Wednesday, October 11, 2006

Falling in love

I don't know a lot of things about criticism -- I've never been formally trained and most of my writing is just an attempt to ape the writers I really, really like (I was trained in just about every other type of journalistic writing but not this -- go figure that I would pursue it the most wholeheartedly). But I do know that you're not supposed to fall in love. It's okay to hate, to be so much cooler than the material that you can get off smug little quips that prove your intellectual superiority, but you're never, never supposed to collapse over a piece of art that so moves you or so possesses you or so makes you laugh that you are completely beside yourself.

Being a critic is all about being a part of the audience but also being apart from it. Your typical fan at a concert (which I will confess to being, as I have very little critical knowledge of pop music) will simply listen to the hits, gleefully enjoying the experience of hearing them live. Your music critic will sit, hovering above the proceedings, seeing where, exactly, the live versions deviate from the studio versions or plucking out the bad spots and tut-tutting over them.

And that's not a bad thing. That's what it means, in essence, to be a critic. Ideally, our goals enmesh with those of the audience -- we're going to pull what's good and what's bad out of a piece of art and discuss it with our audience, attempt to arrive at a consensus about why, exactly, Faulkner liked man-children so much or why the writers behind How I Met Your Mother are so darn pleased with that weird 20s-patois they've cooked up for their characters to speak in. The best critics get the audience to roll up its sleeves and dig in too, wading through the muck, looking for the pearls (in the age of the Internet, when everyone's a critic, we're getting away from this, but that's also getting away from the purpose of the post).

So what do you do when you fall in love? When you simply have to gush?

When I was reviewing Friday Night Lights, a show I deeply, deeply loved, I ran into this. And I ran into it when I was writing gleanings for How I Met Your Mother and the season review of Veronica Mars. All I wanted to do was grab my audience by the shoulders, shake them and say, "Watch this!" But that would have been unbecoming, naturally.

When you've got to gush, the tendency is to run as far away from it as possible, to nit-pick the tiniest things, even if they're insignificant in the larger picture (which is what I feared I did with my FNL piece).

(Addendum: It's easy to worry that you're being too negative with a show too -- every instinct in my body told me that I was giving too much of the benefit of the doubt to Studio 60, largely based on some snappy dialogue and performances I liked, but I resisted those impulses. I wish I hadn't. Subsequent episodes have revealed that the show's worse nature has overwhelmed its better angels.)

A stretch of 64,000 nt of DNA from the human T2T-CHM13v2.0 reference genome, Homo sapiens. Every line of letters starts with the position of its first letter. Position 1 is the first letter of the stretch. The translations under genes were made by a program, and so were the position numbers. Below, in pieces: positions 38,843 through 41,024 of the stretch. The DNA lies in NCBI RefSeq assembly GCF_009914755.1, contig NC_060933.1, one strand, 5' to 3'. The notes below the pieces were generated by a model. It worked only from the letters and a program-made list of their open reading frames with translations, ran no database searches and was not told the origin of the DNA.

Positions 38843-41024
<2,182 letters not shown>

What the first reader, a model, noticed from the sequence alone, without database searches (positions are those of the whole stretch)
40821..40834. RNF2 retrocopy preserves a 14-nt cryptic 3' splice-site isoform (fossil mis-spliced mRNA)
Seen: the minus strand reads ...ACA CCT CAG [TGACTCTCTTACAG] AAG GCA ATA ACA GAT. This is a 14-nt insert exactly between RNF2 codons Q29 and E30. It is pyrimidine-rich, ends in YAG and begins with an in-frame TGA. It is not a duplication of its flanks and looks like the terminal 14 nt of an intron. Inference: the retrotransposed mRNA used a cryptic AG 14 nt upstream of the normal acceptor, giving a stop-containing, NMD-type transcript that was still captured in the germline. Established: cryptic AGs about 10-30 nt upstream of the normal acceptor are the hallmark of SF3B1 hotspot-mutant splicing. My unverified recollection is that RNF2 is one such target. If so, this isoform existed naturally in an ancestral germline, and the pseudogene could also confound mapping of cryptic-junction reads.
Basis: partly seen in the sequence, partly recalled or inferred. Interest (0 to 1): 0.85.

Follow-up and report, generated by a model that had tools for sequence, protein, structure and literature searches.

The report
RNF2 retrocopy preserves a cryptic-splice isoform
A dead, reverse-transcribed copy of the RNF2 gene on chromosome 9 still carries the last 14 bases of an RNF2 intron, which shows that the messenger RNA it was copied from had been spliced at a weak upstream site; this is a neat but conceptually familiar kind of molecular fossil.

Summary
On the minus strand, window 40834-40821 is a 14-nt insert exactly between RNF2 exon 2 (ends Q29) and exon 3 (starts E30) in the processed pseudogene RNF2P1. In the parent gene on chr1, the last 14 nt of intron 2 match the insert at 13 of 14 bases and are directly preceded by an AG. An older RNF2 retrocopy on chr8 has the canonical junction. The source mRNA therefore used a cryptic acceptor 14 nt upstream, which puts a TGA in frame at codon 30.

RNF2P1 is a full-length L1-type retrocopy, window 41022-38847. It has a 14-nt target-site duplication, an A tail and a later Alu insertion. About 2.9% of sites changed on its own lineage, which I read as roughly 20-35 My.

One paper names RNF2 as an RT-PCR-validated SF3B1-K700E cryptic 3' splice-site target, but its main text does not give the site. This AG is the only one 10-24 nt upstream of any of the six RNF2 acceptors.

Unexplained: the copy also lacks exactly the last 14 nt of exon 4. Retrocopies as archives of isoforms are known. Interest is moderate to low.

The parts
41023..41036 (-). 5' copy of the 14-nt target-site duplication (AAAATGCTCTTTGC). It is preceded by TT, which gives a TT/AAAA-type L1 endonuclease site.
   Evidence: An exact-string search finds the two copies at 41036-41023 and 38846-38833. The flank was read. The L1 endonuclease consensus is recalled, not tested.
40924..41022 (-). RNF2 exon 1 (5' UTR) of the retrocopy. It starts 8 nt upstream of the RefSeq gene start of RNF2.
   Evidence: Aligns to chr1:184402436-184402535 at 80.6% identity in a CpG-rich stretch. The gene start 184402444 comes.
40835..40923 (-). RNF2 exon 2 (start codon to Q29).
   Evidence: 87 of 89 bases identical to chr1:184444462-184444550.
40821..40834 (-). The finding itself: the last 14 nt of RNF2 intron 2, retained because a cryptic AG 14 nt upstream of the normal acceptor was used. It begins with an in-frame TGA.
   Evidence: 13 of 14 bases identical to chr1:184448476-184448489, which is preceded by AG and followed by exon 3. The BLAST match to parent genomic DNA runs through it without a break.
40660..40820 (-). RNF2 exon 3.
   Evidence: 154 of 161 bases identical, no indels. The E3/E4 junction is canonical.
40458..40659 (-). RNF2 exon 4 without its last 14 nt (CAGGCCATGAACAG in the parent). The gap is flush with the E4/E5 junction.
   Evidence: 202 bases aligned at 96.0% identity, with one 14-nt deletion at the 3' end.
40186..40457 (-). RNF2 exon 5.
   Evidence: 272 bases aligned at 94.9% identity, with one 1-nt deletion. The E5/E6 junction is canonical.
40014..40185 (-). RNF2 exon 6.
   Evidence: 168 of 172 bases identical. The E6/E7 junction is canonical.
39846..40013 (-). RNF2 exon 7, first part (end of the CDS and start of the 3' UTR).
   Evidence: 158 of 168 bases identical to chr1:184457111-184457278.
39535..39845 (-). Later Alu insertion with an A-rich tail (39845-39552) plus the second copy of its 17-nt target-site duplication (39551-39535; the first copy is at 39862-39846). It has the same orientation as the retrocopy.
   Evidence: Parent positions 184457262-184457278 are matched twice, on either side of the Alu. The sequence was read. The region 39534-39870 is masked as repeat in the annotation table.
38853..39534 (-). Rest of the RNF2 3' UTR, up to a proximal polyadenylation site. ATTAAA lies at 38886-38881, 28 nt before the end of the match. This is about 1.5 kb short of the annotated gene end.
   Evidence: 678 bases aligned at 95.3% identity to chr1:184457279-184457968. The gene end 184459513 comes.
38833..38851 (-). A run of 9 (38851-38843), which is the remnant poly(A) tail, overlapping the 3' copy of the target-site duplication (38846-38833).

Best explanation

This is all a way of saying that a positive review is much harder to write than a negative one, at least in my experience. There are only so many ways to say, "This is great. You should check it out." There are a million ways to say, "I despised this with every fiber of my being." Since the latter is so much easier, you'll often see critics who heap scorn on a piece of art, only to reward it with two-and-a-half stars or a grade of B- or something -- once you get started rolling downhill, it never changes to stop.

Of course, the downside of falling in love is that you fall out. Lost, for example, is not as bad as its detractors would have you believe -- the simple fact is that it was never as good as any of them believed it was in the first place. After season one, though, it ceased to be new. It was too easy to move on, to find something else to fall in love with. And once the rose-colored glasses were off, the flaws that were always there were easier to spot. "What's next?" we all asked, and we soon realized that very little was next (I don't think it's Heroes -- awesome cliffhangers aside). Just as it's hard to keep the gushing bottled up, it's difficult to register disappointment in a way that still reflects the true nature of what you're disappointed by -- often what disappoints you hasn't changed but, rather, you have -- you've become more knowledgeable or more cultured or more attuned to other parts of yourself. And there's no love lost.

Writing criticism, by its nature, is kind of a curmudgeonly pursuit, but the best critics combat that with a true love for the artform they're covering. In part, I chose to write about television not because it's so much better than film or literature (it simply doesn't have the history to compete with either) but because I'm in love with the potential of television, with its promise of old stories told in a new and exciting way. And when I see a shining emblem of that, it's tempting to leap into space, to declare my love.

But, instead, I'll tiptoe out to the edge of the roof and peer down over the edge and call to whoever's walking below, advising them to keep their eyes open.

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